And now this being established, that men have a natural knowledge of God; if they contradict it by 457their life and practice, they are guilty of “retaining the truth of God in unrighteousness.” For by this argument the apostle proves the heathen to be guilty of “holding the truth in unrighteousness;” because, notwithstanding the natural knowledge which they had of God “by the things which are made,” they lived in the practice of gross idolatry, and the most abominable sins and vices.

And this concerns us much more, who have the glorious light of the gospel added to the light of nature. For if they who offended against the light of nature, were liable to the judgment of God, of how much sorer punishment shall we be thought worthy, if we neglect those infinite advantages which the revelation of the gospel hath superadded to natural light? He hath now set our duty in the clearest and strongest light that ever was afforded to mankind, so that if we will not now believe and repent, there is no remedy for us, but we must “die in our sins; if we sin wilfully, after” so much “knowledge of the truth, there remains no more sacrifice for sin, but a fearful looking-for of judgment, and fiery indignation to consume us.”

The sum of what hath been said on this argument is briefly this; that men have a natural knowledge of God, and of those great duties which result from the knowledge of him; so that whatever men say and pretend, as to the main things of religion, the worship of God, and justice and righteousness to wards men, setting aside Divine revelation, we are all naturally convinced of our duty, and of what we ought to do; and them who live in a bad course, need only be put in mind of what they naturally know, better than any body else can tell them, that they are in a bad course; so that I may appeal to 458all wicked men, from themselves, rash, and heated, and intoxicated with pleasure and vanity, trans ported and hurried away by lust and passion; to themselves, serious and composed, and in a cool and considerate temper. And can any sober man forbear to follow the convictions of his own mind, and to resolve to do what he inwardly consents to as best? Let us but be true to ourselves, and obey the dictates of our own minds, and give leave to our own consciences to counsel us, and tell us what we ought to do, and we shall be “a law to ourselves.” I proceed to the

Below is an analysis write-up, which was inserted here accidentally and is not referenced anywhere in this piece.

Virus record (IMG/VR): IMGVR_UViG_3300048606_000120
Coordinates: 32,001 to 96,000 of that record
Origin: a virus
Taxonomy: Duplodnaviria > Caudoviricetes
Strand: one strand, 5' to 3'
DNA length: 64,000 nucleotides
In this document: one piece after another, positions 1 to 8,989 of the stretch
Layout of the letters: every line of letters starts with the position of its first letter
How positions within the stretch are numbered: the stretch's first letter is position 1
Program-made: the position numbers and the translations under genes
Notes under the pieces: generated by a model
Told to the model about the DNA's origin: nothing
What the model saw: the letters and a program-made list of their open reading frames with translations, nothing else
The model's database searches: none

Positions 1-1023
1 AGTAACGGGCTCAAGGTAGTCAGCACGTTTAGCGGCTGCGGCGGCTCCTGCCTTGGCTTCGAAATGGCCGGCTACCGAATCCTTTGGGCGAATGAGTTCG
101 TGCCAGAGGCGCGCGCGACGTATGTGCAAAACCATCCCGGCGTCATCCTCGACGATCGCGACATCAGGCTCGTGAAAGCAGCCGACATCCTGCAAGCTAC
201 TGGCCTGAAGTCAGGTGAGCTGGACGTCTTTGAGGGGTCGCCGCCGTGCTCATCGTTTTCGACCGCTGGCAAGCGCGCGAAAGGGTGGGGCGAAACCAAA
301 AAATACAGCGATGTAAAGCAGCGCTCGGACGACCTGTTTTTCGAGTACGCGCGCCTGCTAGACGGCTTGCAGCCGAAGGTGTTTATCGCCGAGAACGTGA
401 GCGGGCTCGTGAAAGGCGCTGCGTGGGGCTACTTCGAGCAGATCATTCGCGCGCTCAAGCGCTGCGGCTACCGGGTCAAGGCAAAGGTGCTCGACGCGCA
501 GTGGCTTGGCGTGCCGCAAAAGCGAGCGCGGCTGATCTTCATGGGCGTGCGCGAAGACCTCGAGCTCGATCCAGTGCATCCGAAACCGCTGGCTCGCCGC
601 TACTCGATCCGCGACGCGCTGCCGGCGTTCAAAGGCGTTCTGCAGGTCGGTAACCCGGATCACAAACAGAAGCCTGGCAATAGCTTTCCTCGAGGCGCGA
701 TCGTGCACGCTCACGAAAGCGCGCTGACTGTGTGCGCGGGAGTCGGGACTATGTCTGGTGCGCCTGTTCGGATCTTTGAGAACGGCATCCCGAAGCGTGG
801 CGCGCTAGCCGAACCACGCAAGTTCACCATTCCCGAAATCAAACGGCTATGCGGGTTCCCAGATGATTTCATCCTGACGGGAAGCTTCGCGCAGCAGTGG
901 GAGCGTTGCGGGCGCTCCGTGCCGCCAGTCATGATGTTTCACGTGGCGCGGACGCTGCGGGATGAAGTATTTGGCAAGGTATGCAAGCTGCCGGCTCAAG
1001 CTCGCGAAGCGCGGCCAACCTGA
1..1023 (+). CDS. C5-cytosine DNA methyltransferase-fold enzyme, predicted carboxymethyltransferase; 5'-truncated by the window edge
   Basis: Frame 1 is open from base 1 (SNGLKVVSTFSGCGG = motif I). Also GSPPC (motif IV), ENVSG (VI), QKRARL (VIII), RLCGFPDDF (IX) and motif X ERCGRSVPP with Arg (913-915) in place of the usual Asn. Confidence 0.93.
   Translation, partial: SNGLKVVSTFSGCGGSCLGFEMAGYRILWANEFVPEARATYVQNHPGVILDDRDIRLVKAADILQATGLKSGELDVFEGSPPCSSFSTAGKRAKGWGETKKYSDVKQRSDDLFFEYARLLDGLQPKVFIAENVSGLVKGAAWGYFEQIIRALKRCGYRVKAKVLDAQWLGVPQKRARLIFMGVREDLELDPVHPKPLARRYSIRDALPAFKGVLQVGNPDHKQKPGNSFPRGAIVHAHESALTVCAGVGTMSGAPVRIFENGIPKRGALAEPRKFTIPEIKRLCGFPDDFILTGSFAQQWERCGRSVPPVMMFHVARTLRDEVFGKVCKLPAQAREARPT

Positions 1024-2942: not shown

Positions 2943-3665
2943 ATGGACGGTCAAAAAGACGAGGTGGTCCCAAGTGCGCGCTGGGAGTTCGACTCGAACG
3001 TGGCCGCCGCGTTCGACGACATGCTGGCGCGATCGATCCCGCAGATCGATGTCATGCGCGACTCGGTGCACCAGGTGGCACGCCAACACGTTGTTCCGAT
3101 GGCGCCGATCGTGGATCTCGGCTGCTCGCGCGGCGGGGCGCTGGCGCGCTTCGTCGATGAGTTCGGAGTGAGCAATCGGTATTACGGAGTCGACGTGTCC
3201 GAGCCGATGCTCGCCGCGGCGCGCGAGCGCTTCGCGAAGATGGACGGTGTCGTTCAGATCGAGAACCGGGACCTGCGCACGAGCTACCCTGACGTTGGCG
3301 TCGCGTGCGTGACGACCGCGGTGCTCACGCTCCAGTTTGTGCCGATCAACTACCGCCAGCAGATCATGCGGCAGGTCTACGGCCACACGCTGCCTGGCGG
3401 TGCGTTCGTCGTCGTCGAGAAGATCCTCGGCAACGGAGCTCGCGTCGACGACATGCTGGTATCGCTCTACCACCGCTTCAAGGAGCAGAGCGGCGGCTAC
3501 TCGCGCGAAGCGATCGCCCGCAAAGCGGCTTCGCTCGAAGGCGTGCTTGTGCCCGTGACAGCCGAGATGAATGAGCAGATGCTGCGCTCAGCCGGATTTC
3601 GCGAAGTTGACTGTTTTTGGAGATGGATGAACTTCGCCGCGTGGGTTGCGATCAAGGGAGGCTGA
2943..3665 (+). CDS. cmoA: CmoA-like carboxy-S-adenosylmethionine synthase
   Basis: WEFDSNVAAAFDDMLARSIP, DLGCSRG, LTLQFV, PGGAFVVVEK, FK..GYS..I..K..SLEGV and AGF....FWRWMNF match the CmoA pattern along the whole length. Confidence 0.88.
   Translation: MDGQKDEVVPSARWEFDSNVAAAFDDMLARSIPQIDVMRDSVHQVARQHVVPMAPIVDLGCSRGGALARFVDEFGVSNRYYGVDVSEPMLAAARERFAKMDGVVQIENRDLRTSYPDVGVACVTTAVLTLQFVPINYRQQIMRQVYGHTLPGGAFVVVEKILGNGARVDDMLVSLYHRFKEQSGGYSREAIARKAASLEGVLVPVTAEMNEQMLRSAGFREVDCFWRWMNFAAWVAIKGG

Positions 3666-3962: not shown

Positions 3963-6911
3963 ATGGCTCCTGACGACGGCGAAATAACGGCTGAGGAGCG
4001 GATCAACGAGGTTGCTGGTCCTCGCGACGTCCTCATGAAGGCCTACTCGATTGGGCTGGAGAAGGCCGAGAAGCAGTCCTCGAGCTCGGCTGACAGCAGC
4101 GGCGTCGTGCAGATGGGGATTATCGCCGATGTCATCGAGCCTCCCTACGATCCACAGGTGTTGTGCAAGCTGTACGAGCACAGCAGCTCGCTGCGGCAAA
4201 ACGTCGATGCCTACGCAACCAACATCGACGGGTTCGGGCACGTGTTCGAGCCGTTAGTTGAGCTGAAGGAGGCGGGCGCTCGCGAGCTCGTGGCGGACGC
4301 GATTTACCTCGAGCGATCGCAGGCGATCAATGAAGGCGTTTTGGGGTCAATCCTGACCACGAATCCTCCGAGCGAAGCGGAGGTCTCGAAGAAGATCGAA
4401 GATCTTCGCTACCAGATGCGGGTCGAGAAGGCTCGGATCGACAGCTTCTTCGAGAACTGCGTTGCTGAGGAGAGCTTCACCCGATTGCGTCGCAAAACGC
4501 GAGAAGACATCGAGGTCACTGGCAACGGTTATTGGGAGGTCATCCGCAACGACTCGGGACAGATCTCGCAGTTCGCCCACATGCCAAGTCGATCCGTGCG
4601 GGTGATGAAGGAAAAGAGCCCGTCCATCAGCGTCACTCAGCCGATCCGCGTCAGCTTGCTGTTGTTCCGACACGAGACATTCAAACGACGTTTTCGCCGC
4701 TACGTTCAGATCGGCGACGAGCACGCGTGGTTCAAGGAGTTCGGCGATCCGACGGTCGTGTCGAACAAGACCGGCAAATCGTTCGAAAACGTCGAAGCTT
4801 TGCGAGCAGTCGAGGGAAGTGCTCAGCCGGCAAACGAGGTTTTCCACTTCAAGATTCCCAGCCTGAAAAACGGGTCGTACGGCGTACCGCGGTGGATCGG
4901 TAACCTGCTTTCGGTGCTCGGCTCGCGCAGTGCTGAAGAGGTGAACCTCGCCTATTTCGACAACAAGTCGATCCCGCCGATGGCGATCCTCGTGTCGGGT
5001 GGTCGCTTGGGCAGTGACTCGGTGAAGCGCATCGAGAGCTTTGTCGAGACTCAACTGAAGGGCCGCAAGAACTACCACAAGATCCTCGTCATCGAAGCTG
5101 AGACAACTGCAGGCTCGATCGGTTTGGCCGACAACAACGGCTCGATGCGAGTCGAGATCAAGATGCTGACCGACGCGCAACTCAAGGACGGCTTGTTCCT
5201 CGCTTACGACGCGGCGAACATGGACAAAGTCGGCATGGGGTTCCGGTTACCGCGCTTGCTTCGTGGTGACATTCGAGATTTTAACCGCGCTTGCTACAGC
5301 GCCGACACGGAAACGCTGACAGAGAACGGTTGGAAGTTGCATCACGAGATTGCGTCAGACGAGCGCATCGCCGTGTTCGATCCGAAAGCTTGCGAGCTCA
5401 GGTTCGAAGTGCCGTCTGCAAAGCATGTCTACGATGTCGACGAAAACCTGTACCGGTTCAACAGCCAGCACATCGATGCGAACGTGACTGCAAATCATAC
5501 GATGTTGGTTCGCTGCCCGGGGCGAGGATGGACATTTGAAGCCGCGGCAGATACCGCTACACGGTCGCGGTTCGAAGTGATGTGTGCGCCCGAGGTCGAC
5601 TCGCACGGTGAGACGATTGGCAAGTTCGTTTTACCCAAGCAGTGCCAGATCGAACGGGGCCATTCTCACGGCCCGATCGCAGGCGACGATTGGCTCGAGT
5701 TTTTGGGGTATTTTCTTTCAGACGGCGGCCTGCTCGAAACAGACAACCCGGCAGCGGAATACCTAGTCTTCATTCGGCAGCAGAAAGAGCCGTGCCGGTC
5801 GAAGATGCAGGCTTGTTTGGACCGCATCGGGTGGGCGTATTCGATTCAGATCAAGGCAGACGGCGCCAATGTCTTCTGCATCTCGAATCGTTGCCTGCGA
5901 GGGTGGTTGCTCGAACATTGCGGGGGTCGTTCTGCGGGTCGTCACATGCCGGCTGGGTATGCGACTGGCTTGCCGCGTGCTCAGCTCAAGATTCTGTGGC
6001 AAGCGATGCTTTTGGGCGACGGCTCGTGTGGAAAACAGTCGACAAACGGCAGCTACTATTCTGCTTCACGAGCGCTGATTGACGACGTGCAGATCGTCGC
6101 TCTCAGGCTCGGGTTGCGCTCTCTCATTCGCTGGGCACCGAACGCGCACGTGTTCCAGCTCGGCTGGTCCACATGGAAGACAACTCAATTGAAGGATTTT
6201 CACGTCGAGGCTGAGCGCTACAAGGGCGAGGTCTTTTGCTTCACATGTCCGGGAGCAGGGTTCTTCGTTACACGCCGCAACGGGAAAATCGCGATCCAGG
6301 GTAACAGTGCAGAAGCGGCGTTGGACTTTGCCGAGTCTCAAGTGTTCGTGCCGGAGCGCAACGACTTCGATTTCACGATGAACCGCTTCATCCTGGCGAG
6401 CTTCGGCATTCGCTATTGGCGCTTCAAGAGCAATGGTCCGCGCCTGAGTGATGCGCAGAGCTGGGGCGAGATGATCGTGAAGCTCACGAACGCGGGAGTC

Sixth and last observation; namely, That the clear revelation of the wrath of God in the gospel, against the impiety and unrighteousness of men, is one principal thing, which renders it so very powerful and likely a means for the salvation of mankind. For the apostle instanceth in two things, which give the gospel so great an advantage to this purpose, the mercy of God to penitent sinners, and his severity toward the impenitent; both which are so fully and clearly revealed in the gospel. “The gospel is the power of God to salvation, to every one that believeth, because therein the righteousness of God is revealed;” that is, his great grace and mercy in the justification and pardon of sinners by Jesus Christ, which I have already shewn to be meant by “the righteousness of God,” by comparing this with the explication which is given of “the righteousness of God,” (chap. iii. ver. 22.)